Monday, July 31, 2006

Playing pipes at Los Andes

I was playing smallpipes in the inner andean río Claro valley at Pisco Elqui last week. Being the only one there learning the A fingering of those pipes, reminded me that the bagpipes or gaitas are rather an uncommon instrument over here.
The bagpipe is a folk reed instrument I do really like because its piercing sound and droning that is somewhat little known in Chile and probably even more in most other andean countries. Traditionally here it is an instrument that was locally played and kept intra muros by mostly spanish galician and asturian players at fiestas and other gatherings at the Club or centro español of every single major town in Chile. Other pipes like the irish and scottish styles were more restricted to smaller british communities. These pipers not matter its origin usually gathered as pipebands with a few pipers plus drums. Examples of these folk traditions that have developed its bagpipe repertoire for quite a while are the Lar Gallego de Chile, Os Derradeiros at Temuco, and thanks to the people gathered around the chilean asturian piper Andrés Soberón, the banda de gaitas asturianas de Santiago and the Grupo de gaitas asturianas de Valparaiso, more recently the Eagle School pipeband from Antofagasta and the Andes Highlanders Pipeband at Santiago. On the other hand, from the late 1990's onwards there have been a new development by the use of bagpipes outside the typical folk pipeband repertoire within folk assembles or celtic bands started with the earlier Lir (gaita asturiana) and Viento celta (uilleann pipes), plus perhaps a dozen other bands. A few of them have recorded CDs using bagpipes such as Viento celta, Puerto celta (gaita gallega, uilleann pipes), Banda danzante (gaita gallega, uilleann pipes), and Veigal do Maipo (gaita gallega).
Current chilean celtic bands seems to use more gaita gallega and uilleann pipes than any other styles. However, at least four other chilean folk groups of other non celtic traditions play galician, breton and medieval bagpipes in their assembles. Two of them, Calenda Maia and In Taberna focus on medieval folk musical traditions, Aurha from Valparaiso uses them to add its sound to their world music fusion, whereas another band, Tripolis from Antofagasta focus on the greek folk musical traditions.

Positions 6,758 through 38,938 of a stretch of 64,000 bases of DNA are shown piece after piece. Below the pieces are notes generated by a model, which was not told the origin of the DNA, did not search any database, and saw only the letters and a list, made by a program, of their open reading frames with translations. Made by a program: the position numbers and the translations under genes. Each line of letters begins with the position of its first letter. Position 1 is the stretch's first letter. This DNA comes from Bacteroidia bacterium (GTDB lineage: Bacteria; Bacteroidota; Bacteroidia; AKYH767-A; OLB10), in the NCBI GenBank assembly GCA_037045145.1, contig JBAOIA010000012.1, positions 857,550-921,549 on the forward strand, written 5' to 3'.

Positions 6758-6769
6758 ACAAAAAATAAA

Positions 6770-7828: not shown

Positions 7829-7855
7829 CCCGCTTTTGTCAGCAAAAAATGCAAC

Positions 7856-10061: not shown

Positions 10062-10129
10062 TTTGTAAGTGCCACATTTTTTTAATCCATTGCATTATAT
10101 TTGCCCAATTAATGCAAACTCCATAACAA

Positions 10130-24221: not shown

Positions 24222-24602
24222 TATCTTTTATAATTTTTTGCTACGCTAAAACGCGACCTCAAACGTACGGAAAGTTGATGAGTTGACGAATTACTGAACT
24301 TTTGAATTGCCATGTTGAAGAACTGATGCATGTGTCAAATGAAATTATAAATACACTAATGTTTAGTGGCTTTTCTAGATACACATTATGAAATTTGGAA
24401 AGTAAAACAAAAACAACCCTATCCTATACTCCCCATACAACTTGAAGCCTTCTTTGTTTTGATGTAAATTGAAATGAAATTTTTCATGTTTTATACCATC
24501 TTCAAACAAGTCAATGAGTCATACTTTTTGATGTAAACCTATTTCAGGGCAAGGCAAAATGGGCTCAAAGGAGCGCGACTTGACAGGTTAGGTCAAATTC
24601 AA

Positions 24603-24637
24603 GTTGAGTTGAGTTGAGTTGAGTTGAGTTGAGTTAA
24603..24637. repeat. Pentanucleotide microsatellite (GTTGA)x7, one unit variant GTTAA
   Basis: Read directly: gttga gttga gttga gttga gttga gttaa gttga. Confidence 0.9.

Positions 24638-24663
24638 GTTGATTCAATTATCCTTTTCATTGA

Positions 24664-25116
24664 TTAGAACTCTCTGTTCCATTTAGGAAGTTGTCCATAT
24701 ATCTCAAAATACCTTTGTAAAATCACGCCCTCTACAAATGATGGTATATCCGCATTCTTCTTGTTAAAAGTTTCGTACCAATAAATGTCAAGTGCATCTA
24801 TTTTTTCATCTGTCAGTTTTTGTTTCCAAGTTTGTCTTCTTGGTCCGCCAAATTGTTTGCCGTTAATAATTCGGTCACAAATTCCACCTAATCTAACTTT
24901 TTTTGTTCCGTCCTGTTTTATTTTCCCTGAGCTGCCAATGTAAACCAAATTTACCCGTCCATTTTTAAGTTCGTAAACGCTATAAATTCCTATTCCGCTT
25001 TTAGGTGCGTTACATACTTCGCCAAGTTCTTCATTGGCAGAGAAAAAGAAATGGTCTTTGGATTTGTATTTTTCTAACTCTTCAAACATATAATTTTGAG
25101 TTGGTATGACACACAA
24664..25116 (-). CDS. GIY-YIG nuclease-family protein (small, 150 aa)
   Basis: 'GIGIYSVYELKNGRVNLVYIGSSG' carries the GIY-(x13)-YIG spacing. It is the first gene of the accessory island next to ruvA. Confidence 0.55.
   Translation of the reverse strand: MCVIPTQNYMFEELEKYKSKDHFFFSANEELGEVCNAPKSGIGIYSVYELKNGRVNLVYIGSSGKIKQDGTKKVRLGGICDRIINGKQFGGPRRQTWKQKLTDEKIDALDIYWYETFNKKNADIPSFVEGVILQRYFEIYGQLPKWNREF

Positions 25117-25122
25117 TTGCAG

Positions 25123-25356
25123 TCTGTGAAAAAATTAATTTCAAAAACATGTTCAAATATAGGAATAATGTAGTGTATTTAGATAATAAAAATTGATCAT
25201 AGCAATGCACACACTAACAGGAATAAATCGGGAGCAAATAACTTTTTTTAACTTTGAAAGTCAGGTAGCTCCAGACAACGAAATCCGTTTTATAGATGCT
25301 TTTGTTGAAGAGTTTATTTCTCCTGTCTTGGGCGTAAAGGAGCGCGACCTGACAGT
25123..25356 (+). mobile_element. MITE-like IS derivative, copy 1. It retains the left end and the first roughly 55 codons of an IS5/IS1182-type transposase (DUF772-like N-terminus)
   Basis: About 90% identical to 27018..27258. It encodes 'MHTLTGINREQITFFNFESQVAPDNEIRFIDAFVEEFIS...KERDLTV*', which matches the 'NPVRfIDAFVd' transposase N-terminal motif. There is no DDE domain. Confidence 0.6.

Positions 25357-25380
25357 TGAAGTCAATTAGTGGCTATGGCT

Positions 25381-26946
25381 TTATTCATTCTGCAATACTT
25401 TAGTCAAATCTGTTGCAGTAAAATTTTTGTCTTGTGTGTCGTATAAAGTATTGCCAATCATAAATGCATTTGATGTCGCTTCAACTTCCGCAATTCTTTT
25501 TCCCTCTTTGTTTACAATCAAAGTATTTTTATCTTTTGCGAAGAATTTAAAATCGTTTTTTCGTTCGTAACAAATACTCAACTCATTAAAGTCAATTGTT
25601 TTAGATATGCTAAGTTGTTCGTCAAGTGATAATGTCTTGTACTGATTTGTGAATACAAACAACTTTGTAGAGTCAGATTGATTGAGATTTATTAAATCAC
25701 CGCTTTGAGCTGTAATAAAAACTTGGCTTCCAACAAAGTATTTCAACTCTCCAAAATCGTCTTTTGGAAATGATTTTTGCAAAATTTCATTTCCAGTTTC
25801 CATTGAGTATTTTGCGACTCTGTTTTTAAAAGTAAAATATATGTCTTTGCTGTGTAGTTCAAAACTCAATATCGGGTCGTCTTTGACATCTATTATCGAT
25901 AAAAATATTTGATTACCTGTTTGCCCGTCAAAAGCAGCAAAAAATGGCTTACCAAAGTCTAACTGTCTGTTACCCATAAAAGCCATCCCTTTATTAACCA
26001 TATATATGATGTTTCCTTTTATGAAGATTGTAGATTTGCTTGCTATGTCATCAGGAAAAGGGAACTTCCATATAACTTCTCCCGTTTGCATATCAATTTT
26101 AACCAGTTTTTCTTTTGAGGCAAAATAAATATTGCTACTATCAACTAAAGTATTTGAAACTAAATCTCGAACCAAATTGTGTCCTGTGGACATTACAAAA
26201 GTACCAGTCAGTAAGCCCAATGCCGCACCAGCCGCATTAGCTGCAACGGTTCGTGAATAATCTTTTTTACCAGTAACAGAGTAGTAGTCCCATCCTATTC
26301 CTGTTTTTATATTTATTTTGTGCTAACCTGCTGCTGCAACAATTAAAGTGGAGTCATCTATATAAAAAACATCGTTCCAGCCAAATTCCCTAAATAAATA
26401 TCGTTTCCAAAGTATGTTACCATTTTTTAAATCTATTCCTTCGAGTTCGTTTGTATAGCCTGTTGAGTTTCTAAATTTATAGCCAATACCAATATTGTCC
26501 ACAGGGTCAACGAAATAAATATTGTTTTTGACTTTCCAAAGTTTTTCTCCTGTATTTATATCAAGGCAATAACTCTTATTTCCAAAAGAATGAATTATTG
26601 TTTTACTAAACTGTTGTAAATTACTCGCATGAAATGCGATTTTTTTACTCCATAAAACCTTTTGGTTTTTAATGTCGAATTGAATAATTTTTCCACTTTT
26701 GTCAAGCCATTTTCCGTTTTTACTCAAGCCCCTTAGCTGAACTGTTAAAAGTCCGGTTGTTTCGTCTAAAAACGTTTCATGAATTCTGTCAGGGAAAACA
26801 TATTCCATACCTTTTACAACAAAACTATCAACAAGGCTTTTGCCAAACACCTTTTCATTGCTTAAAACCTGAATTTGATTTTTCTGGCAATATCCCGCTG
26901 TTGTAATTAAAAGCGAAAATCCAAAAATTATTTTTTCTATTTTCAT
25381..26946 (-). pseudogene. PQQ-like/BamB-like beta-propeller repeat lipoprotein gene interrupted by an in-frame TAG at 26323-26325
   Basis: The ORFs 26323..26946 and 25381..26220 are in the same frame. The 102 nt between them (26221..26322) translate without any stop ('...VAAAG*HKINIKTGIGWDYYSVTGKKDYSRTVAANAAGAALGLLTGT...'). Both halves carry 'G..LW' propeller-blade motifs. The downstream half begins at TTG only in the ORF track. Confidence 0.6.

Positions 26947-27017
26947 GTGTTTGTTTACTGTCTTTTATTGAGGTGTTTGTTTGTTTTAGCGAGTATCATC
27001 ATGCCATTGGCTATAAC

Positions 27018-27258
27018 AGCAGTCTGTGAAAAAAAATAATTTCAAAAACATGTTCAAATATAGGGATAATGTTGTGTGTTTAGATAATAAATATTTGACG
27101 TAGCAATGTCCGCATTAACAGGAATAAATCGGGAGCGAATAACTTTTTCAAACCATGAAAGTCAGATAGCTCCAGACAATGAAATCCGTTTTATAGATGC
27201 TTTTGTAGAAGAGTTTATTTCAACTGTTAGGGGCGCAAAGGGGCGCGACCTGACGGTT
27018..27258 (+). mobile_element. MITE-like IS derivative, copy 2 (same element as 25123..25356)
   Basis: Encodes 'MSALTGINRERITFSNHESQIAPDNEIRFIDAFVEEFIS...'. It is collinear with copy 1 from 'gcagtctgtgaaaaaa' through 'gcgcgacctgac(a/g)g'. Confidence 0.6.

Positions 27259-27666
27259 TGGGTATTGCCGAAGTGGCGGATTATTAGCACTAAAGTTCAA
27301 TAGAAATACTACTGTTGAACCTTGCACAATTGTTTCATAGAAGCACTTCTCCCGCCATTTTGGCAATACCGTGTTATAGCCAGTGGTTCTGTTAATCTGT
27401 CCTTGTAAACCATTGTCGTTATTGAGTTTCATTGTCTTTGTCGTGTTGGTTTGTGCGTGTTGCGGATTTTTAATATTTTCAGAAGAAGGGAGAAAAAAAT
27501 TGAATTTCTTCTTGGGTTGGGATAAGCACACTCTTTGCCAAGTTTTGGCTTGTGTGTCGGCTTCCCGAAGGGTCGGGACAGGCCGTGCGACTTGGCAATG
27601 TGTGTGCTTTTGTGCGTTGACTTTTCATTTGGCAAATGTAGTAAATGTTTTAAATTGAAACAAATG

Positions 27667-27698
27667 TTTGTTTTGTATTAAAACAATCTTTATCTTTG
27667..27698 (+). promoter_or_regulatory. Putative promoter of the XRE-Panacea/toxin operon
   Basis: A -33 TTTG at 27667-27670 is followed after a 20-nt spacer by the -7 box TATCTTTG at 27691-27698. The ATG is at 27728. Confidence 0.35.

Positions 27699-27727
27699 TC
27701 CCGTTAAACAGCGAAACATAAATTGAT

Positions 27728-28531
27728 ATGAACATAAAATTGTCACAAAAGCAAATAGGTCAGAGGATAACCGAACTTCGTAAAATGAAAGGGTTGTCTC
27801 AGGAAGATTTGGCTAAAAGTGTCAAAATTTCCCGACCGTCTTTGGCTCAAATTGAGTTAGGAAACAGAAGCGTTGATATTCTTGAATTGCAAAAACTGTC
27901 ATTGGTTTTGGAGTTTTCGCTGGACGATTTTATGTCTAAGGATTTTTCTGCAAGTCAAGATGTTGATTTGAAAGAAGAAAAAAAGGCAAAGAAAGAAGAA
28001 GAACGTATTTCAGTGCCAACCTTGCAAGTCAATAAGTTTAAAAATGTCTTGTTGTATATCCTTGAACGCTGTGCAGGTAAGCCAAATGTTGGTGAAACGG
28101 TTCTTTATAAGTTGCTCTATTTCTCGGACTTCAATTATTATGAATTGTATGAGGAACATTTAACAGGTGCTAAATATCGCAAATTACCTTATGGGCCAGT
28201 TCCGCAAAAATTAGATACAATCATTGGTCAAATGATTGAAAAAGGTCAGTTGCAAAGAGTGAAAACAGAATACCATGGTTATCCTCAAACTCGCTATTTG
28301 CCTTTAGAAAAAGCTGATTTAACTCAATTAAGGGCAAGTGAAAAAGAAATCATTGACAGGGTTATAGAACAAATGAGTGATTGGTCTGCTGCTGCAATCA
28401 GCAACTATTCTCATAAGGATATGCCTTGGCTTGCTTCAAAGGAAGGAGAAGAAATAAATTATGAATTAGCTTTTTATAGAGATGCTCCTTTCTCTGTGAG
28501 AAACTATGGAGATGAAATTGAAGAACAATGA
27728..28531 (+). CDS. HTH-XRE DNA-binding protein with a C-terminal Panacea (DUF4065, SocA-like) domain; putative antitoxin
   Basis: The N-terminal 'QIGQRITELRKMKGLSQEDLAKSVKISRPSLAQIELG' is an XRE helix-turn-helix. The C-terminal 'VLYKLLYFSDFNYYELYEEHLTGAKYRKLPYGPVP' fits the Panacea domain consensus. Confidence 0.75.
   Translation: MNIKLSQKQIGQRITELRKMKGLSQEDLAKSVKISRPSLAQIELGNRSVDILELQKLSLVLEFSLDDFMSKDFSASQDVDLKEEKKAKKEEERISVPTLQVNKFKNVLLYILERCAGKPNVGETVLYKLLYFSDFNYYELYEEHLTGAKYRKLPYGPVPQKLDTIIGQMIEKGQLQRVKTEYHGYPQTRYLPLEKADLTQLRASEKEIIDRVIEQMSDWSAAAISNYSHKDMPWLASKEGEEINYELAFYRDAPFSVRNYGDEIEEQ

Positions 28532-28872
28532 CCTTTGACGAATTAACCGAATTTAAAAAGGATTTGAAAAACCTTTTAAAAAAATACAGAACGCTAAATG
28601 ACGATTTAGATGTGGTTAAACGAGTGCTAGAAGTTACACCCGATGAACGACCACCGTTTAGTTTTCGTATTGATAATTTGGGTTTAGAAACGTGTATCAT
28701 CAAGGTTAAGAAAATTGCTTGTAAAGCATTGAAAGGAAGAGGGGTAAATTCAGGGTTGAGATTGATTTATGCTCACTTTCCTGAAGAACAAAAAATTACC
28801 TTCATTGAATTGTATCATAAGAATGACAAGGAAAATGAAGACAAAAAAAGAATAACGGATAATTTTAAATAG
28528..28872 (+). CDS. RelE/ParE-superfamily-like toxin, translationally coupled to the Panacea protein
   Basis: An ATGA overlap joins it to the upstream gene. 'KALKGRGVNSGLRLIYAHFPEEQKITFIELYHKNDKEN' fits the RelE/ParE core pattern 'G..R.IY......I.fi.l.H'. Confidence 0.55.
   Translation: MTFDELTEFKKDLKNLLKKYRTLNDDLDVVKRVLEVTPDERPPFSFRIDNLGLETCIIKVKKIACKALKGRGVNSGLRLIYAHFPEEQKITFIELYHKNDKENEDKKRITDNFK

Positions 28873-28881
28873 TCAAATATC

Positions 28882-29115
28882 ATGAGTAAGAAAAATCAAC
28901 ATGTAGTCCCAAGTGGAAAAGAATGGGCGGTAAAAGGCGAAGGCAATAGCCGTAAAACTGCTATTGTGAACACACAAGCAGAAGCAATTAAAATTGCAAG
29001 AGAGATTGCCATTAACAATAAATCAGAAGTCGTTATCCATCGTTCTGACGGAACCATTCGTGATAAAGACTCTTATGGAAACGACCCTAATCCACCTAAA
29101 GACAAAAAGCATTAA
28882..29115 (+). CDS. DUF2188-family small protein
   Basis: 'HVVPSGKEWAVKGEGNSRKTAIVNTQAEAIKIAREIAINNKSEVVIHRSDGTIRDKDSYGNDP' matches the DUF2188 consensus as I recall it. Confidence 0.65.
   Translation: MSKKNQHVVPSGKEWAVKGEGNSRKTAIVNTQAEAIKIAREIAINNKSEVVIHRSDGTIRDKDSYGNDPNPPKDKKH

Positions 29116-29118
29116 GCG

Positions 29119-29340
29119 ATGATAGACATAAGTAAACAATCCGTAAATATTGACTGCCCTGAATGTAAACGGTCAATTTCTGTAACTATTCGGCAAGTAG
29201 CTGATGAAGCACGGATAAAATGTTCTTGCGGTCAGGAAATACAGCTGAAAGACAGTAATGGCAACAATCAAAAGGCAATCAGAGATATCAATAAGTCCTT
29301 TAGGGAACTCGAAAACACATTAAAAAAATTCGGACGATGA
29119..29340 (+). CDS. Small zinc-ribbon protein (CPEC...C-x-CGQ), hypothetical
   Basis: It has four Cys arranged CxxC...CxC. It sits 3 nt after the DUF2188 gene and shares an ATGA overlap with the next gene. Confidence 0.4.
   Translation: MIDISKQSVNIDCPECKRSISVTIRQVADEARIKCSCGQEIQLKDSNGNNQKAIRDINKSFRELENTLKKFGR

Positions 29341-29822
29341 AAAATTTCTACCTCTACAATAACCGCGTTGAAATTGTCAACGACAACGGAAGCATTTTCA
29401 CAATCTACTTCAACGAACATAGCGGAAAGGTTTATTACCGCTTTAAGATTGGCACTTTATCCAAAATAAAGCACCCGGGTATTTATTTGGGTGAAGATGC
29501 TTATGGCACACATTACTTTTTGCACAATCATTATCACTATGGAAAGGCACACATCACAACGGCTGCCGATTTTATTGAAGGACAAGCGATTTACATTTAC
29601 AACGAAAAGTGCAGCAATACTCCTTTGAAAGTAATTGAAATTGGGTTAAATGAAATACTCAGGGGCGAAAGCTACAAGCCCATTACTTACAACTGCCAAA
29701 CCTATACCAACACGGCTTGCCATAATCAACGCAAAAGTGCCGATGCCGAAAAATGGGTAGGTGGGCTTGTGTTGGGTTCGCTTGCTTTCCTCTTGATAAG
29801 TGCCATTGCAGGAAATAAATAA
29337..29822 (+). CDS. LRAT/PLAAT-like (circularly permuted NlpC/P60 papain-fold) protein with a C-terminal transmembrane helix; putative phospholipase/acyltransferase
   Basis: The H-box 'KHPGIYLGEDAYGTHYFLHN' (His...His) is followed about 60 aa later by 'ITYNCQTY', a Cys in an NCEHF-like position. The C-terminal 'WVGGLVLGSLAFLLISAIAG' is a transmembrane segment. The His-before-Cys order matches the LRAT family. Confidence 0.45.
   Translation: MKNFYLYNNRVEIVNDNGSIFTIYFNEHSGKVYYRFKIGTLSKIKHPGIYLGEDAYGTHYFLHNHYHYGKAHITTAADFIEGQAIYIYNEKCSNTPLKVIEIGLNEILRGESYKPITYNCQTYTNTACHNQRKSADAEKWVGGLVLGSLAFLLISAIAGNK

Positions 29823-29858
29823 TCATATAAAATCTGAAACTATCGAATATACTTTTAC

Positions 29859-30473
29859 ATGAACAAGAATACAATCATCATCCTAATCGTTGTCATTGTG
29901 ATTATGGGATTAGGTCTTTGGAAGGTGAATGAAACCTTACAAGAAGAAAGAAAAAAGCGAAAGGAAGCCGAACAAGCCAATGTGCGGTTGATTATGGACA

Across the Andes, in argentinean cities like Mendoza, and Bariloche there are pipebands or pipers, such the asturian Folixa that along the chilean galician and asturian bagpipers have even organized recently a south american spanish style pipeband gathering, and now they are on their way to have the II gathering next December at Santiago. Therefore, this chilean bagpiper's listing have organised members playing in bands at Antofagasta, Valparaiso, Santiago, Concepción, Temuco, Valdivia, and on the Magellan straits at Punta Arenas.
The bagpipe is a temperamental instrument, and most of those found in Chile are imported from european makers by clubs and the bands themselves. Also, there are at least a couple of pipers who assemble bagpipes sets on request. Leo Rivas using Dave Daye chanters do make irish uilleann practice sets, and Lucas Canga with the collaboration of one argentinean maker from lago Puelo and the galician Arraiamuida obradoiro (workshop) is offering in his blog school and professional galician and asturian gaitas, scottish GHB and smallpipes, plus chanters and reeds. Another maker, José Ramón Castaño makes galician cane reeds and drones.
More info on bagpipes in Spanish at
Many of these bands have been previously selected and some will be present from next October 6th to 8th in Valparaiso at the IV Festival de Música Inmigrante.